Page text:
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The Importance of Being Alone: Avoiding Separation Anxiety with Your Dog

By January 9, 2024 Blog Post, Uncategorized

You just got a puppy! It is the cutest thing you ever saw, and so cuddly. Everyone loves seeing your puppy too, so you take it everywhere with you – errands, friends’ houses, family gatherings. Your puppy is the star of the show, the talk of the party, the most popular being in the room.

Then… your puppy grows up. And gets big, less easy to take with you. Or, you just want to go to a place where you absolutely can’t take a dog (rare these days, but they do exist!) And you have to leave your dog at home. And your dog loves you so much that he or she freaks out when you leave. Separation anxiety is a major challenge for dogs today, especially in dogs who grew up or were adopted during the pandemic. These dogs are not used to being away from their people – they were never taught how to be alone.

Separation anxiety causes suffering in its victims – stress, pacing, vocalizing, sometimes even physical harm like torn nails or broken teeth. It also can be incredibly destructive to property. I have had patients chew up door frames, pull down curtains and blinds, and even rip apart drywall. You would be amazed at the extent of the damage a stressed out medium sized or larger dog can do. A dog that can’t be left alone is a challenge to live with – like having a small child. You have to get a dog sitter when you want to go to a movie, or on a date. Boarding your dog while you travel is impossible – they have to have a dedicated sitter, who then will have to get someone to substitute if they have something to do that the dog cannot participate in. And hopefully you are able to continue working from home or have a dog-friendly workplace.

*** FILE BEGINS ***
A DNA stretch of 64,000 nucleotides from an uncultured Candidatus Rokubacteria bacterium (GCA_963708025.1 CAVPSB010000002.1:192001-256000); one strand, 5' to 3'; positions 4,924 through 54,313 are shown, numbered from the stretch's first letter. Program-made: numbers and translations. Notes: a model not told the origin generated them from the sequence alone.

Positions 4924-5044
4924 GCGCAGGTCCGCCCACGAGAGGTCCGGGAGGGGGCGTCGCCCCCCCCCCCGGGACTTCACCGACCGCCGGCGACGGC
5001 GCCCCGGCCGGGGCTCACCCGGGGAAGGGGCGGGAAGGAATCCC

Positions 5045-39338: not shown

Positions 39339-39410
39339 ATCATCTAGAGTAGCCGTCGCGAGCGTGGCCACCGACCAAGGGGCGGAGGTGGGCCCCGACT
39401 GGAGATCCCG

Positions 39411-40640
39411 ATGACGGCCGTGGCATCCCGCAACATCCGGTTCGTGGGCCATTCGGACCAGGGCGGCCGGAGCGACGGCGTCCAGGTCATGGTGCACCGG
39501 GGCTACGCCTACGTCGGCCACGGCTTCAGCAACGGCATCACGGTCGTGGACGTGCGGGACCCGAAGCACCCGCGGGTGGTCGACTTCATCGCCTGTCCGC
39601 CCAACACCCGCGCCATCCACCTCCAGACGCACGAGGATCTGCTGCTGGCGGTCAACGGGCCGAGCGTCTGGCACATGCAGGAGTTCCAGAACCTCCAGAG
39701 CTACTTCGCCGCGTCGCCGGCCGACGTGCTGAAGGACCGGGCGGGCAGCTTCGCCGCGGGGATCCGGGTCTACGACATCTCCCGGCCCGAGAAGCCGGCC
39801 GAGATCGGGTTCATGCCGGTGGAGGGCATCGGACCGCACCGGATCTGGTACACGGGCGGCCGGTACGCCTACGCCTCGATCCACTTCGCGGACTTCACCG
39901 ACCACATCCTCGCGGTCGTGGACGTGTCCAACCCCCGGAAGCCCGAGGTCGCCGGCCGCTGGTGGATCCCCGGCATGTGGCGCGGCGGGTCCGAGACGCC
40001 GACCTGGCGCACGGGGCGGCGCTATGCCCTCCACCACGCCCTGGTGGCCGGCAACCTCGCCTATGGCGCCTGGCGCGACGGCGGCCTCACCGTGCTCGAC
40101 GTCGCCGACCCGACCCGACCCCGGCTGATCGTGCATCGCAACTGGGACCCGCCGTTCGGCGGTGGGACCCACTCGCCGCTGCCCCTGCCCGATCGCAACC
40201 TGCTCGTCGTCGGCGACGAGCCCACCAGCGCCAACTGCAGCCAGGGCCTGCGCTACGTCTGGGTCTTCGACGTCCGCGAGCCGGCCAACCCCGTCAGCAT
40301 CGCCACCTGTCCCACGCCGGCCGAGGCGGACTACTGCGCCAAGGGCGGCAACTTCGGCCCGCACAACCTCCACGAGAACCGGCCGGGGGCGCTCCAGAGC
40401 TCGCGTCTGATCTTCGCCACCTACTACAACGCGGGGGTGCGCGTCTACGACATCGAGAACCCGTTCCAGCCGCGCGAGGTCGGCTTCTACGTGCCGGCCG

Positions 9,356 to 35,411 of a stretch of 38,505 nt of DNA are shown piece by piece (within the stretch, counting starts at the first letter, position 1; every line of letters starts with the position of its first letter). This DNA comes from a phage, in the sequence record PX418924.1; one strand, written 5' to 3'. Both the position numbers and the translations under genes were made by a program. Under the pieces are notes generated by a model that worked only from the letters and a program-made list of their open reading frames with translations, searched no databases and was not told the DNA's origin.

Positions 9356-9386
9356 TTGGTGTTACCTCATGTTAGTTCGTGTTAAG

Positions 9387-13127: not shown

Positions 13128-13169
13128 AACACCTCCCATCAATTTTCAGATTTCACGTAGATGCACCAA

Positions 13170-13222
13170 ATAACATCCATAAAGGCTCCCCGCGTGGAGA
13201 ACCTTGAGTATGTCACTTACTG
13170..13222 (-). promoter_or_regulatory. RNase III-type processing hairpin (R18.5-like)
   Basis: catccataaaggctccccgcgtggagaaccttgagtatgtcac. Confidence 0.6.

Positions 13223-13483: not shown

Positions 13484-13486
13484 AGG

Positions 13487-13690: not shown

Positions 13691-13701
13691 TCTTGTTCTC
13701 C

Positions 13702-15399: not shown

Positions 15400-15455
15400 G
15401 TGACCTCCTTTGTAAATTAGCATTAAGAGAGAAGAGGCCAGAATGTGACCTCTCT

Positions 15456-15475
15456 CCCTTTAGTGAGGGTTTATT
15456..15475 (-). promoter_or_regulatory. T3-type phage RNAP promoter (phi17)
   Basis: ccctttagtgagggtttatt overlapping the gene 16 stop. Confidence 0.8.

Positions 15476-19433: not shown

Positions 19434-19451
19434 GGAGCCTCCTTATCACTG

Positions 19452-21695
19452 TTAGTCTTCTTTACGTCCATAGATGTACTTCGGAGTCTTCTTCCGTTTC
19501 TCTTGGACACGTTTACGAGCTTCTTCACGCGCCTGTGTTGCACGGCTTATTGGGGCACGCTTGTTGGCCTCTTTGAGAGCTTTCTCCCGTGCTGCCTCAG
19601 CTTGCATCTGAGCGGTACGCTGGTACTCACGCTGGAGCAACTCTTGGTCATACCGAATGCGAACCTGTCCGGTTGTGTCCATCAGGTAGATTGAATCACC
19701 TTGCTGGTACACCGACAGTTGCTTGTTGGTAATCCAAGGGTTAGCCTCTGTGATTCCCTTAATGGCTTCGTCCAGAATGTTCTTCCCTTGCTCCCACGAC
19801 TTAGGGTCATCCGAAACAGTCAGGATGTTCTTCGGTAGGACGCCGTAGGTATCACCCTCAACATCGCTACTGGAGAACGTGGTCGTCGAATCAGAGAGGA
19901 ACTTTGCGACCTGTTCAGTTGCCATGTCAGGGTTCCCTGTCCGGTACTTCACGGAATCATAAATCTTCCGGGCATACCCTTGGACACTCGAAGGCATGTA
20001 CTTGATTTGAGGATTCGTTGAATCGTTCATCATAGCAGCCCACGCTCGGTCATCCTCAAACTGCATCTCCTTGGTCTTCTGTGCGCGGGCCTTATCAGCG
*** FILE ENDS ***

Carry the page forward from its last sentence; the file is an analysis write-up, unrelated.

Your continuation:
The best treatment for separation anxiety is to avoid it completely. Train your puppy how to be alone – it is a skill! Crate training is very helpful with this endeavor. Give your puppy a high value, long lasting treat such as a puzzle toy (Kongs with frozen canned dog food are great!) and have them eat it in the crate. Gradually move yourself further from the crate. Go to the other room. Increase the amount of time the puppy is alone, but keep it positive with the treat/toy. Don’t make a big deal of coming back or leaving; it should be nothing stressful or exciting. Soon your dog will be a stay-at-home champ! This process is doable with an adult dog as well, but its more difficult than with a puppy who is at prime learning age.

If your dog already suffers from separation anxiety, there are still options. The basic steps are similar to the initial training – try to desensitize them with positive distractions and slowly increase in the distance/time away from you. Some of these dogs benefit from medication to help ease their anxiety while they are in training. Really tough cases benefit from consulting with a veterinary behaviorist – many of whom now offer virtual appointments.

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